“No one won.” Macron writes to the French as his party proposes center-left-right alliance

Emmanuel Macron asks for “sincere and legal dialogue†from political forces “who recognize themselves in republican institutions, the rule of law, parliamentarism, European orientation and the defense of French independence†, with the objective of “building a solid, necessarily plural majority†. The French President, who has not spoken since the elections of July 30th and July 7th, expressed himself in a letter to citizens, published by the newspaper “Le Parisien†this Wednesday.

Macron recognizes that his proposal requires “leaving some time for political forces to build these commitments” before appointing a new prime minister. “No one won. No political force has obtained, on its own, a sufficient majority, and the blocs or coalitions resulting from these elections are all minorities,” emphasizes the head of state.

He sees in the ballot box’s verdict “a clear request for change and sharing of power†and remembers that “only republican forces represent an absolute majority†. They must, in their opinion, put “ideas and programs ahead of positions and personalities†, to find a pragmatic formula that “takes into account the concerns†expressed by the French when going to the polls.

Appearing to exclude participation in the National Regroupment (RN, by Marine Le Pen and Jordan Bardella), writes Macron, addressing citizens: “Although the extreme right was ahead in the first round, with almost 11 million votes, you clearly refused to allow it to join the Government.â€. The President praises the “mobilization†and the “vitality†of the French people.

Rings for all (dis)tastes

On the same day, deputies from Macron’s Renaissance party (liberal center) defended a “project coalition that ranges from the Social Democrats to the right of the Government†. It closes the door, therefore, to the RN and Unsubmissive France (LFI), a radical left party headed by Jean-Luc Mélenchon and which is the dominant force of the New Popular Front (NFP), an agglomeration This forms the largest parliamentary bloc, which includes socialists, ecologists, communists and other progressives.

Conservative Prime Minister Jacques Chirac and Socialist President François Mitterrand attend a football match in 1982

AFP/Getty Images

Another faction of Macronists preferred that the future government coalition not include the left, turning only to the Republicans (traditional right). The new parliamentary leader of this party, Laurent Waquiez, assures, however, that the traditional right “will not participate in government coalitions†. The Republicans have 39 of the 577 deputies, so not even adding them to the 159 of the Renaissance would they serve to reach an absolute majority (289).

The NFP has 180 seats and the extreme right 142, a figure that includes a part of the Republicans who decided to ally themselves with Le Pen. There are still a few dozen parliamentarians from smaller forces, both left and right, and even regionalists.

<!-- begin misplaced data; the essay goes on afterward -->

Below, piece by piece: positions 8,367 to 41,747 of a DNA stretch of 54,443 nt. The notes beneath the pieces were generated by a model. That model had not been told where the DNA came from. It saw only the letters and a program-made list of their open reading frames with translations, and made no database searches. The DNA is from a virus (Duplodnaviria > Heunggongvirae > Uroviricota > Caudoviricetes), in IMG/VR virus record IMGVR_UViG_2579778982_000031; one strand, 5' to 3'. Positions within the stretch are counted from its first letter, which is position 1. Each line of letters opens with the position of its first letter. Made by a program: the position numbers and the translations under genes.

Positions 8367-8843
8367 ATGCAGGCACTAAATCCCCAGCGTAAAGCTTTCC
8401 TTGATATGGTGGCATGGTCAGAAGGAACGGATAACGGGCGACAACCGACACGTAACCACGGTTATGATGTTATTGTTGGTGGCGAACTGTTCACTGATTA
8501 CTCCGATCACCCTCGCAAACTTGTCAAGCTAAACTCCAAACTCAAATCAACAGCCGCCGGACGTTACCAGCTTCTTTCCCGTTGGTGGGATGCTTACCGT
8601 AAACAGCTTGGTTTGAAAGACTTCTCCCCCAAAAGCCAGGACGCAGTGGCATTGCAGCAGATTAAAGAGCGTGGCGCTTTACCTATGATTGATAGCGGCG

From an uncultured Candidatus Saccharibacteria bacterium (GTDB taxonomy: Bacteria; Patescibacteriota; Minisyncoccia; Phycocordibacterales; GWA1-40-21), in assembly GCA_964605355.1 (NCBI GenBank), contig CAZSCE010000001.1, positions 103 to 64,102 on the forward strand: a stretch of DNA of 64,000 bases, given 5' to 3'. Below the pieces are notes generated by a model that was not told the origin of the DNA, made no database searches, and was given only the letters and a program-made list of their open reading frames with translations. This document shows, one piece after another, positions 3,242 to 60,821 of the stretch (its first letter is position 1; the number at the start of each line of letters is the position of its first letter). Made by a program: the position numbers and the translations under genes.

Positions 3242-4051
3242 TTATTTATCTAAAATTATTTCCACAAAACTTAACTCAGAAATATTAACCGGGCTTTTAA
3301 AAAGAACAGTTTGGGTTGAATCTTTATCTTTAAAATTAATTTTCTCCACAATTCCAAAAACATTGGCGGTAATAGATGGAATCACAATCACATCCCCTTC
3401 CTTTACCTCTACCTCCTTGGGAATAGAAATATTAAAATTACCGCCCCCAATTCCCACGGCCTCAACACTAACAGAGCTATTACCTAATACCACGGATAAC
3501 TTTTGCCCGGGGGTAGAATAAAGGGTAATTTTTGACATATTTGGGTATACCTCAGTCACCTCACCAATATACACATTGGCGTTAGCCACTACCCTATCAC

Attal continues to be the favorite

An understanding between the left (excluding the LFI), the President’s supporters and the traditional right would be preferred by the French, according to a survey published by the conservative newspaper “Le Figaro†. In it, 39% defend this way out of the political crisis; 34% prefer an alliance between macronists and the democratic right; 30% opt for a left-only coalition that includes the LFI; 25% prefer the entire left allied with the presidential center, without the right; and 24% want the entire left, center and right, leaving only RN out.

Furthermore, half of the respondents believe that if the NFP presents a candidate for prime minister agreed upon by the formations that make it up, Macron should nominate him. As for names, the list of preferences is headed by the current occupant of the position and resigned Gabriel Attal (38%), followed by Bardella (35%), Raphaël Glucksmann (center-left, 31%), François Ruffin (left, 26%), Olivier Faure (socialist 24%) and François Bayrou (center, 24%).

Mélenchon tries to calm Brussels

On the left, Mélenchon – who seems ruled out as a future prime minister – tries to assure the markets that it will not be problematic for the left to go into government. The NFP, its head assured during a visit to the European Parliament in Brussels, has “any interest in clashing head-on†with community institutions regarding budgetary rules. You want to balance the expenses you promised with more income. Taxes on large fortunes or changes to the corporate aid regime could be in the pipeline.

In June, the European Commission opened disciplinary proceedings against France for having recorded a deficit of more than 3% of gross domestic product (GDP). The rating agency Standard & Poor’s warns that the absence of a clear majority could hamper the action of the future Executive.

Also at the NFP, environmentalist deputy Sandrine Rousseau argues that a left-wing Government should not resort, like the Executives loyal to Macron, to article 49.3 of the Constitution to pass laws without subjecting them to a vote. §ions in Parliament. “It will be difficult and tedious, but we can achieve it,†he argues, listing euthanasia, neighborhood police, policies for the elderly and single-parent families or health reforms as subjects on which he believes it will be possible to form majorities in Parliament, if the case. She thus contradicts Mélenchon, who admitted using that device to revoke measures such as increasing the retirement age to 64, decreed by Macron’s decision in the last legislature.


Francesco Giganti

Journalist, social media, blogger and pop culture obsessive in newshubpro

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